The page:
There hasn’t been much in tech news that’s caught my attention the past few weeks — nothing in particular I can think of since the Samsung Galaxy S5. And that didn’t really catch my attention in a positive light.
But today Google announced Google Wear, a version of Android that’s made specifically for wearable devices. By wearables, Google and pretty much everyone else just mean smartwatches. Let’s not beat around the bush though, Google Wear is basically just a condensed version of Google Now. Most of the functionality in the OS is baked into Google Now and most of the UI and UX involve your voice in some way or another. That’s not necessarily a bad thing, in fact it looks pretty interesting.
The reason why I’m writing about this though is not to praise Google. I’ll hold off on an opinion until devices actually get released with Google Wear and the reviews come in about them. I’m writing to make a comparison and to praise Google for being smart. See, announcing Google Wear has absolutely nothing to do with innovation. It was a business move.
It’s no secret to anyone who follows tech even slightly well that Apple has been rumored for years to be working on something along the lines of an iWatch, i.e. a wearable device of its own. Though rumors don’t really indicate this, most people just naturally believe based on Apple’s history that whatever it does release will smoke the competition and redefine what a smartwatch can really be.
Apple released the iPhone in 2007, Google copied the OS with Android and it really started to take off in 2009 and 2010. Then Apple released the iPad in 2010 and Android’s answer was obviously the Honeycomb OS for manufacturers to start creating tablets. Android still hasn’t caught up to the iPad, but it at least has an answer to it.
This time is different though. For the first time, Android is ahead of the game. Instead of waiting for Apple to announce the new product category, Android has already unleashed its own (on the software side anyway.) Don’t be mistaken: if Apple wasn’t so heavily rumored to be working on a watch, Google Wear would have never seen the light of day.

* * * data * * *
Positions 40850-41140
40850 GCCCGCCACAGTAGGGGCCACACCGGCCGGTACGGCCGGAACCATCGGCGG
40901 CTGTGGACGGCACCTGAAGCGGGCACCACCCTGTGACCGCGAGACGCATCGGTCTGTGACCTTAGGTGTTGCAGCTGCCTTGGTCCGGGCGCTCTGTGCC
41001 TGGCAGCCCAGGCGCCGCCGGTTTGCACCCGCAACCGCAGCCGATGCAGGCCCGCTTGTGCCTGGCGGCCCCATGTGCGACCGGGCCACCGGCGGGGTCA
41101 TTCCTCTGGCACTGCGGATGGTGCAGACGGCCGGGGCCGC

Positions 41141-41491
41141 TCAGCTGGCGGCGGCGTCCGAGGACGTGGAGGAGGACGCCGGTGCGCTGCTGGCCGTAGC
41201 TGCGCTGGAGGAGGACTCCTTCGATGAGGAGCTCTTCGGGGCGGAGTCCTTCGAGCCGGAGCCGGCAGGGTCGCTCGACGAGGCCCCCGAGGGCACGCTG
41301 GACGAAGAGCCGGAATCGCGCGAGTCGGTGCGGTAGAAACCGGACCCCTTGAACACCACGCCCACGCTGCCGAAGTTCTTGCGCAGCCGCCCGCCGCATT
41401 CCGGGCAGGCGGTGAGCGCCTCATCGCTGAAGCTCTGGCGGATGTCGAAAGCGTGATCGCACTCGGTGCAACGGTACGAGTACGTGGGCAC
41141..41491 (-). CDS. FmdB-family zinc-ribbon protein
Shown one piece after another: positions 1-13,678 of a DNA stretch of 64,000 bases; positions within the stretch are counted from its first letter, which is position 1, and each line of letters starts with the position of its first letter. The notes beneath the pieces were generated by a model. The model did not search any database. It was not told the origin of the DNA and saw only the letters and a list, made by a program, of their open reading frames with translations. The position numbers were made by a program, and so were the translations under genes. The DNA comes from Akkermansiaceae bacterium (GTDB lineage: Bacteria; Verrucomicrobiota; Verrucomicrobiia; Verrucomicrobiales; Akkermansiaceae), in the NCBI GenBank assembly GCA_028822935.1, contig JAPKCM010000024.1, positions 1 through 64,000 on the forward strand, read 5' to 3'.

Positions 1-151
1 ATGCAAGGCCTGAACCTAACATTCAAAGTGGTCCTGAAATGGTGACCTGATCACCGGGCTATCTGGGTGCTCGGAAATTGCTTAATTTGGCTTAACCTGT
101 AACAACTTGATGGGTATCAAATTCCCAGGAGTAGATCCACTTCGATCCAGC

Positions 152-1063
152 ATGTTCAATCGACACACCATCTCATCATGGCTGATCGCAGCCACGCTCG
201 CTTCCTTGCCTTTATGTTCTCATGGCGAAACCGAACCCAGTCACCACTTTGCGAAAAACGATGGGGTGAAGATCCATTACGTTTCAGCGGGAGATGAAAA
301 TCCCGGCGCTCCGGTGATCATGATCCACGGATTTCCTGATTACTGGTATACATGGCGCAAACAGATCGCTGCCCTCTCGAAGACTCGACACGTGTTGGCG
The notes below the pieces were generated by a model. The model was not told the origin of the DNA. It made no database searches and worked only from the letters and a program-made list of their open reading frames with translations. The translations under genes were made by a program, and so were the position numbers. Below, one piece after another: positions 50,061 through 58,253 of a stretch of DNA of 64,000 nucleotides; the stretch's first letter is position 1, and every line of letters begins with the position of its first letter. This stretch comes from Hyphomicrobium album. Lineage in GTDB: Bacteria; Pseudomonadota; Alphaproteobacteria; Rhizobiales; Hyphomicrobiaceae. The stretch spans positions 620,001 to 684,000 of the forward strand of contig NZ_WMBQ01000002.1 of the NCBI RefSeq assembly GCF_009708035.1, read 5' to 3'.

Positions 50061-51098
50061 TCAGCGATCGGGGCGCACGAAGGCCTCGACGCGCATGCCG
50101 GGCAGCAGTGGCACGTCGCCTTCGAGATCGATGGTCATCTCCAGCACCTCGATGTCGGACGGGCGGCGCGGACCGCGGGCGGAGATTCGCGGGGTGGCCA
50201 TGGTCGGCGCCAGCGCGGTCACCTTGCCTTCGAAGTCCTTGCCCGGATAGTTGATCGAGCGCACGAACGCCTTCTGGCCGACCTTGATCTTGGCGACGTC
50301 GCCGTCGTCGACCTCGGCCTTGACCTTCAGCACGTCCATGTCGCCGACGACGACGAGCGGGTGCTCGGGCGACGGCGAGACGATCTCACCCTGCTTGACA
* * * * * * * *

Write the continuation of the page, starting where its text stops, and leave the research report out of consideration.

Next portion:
Now we follow a new progression and one that’s rather clever on Google’s part. Apple will eventually release its smartwatch. It’ll probably put Google Wear to shame, but I don’t think Google cares much about that. It will just copy whatever Apple does and put it in a new version of Google Wear, so it’ll be caught up. And this time Google will be able to say it shipped first, it innovated first. Clever.
Apple has traditionally been first to launch a product category into mainstream success and in some cases launch a product category period. I still think the former will be the case with the smartwatch, because it has yet to be seen whether people actually want these things. Personally, I haven’t been convinced that there’s any major usefulness to a smartwatch that justifies buying another gadget. If any company is going to change my mind and the minds of millions, it’ll probably be Apple, not Google. And if Samsung’s Galaxy Gear already flopped, I doubt Motorola or HTC will do any better.
But Apple has never cared about being first. It’s just tech-savvy consumers and petty pundits who do. The examples to prove this that come to mind are cut, copy, and paste in iOS 3 and multitasking in iOS 4, both of which made their debut long after Android started offering them. Whether Apple copied Android on these is arguable but also irrelevant. Apple would rather wait to ship a feature until it’s functioning at the highest quality than rush to ship something in order to compete.
If Apple cared about being first, it would have a smartwatch out already. It’s waiting to perfect its watch before it makes a grand unveiling to the world. Meanwhile, Google Wear is making a nice contribution to this unpredictable market, but only when Apple joins the game will we know the fate of the smartwatch.
I haven’t written on here in a while and some things have changed, so I thought I’d post a few updates.
First of all, as of the end of January, I no longer write for Neowin. It was a personal choice of mine and I wish the talented team all the best moving forward.
Second, after a small break from working, I decided to take up a gig that’s slightly different for me. I’m now a freelance tech writer for Demand Media Studios. Unfortunately, this means I’m not quite in the journalism field anymore. Instead, I’m just writing technology-related articles for a variety of websites within the DMS network. It’s not news. I would like to eventually get back into journalism though because I miss being a reporter, but for now this is nice and I’m pretty happy.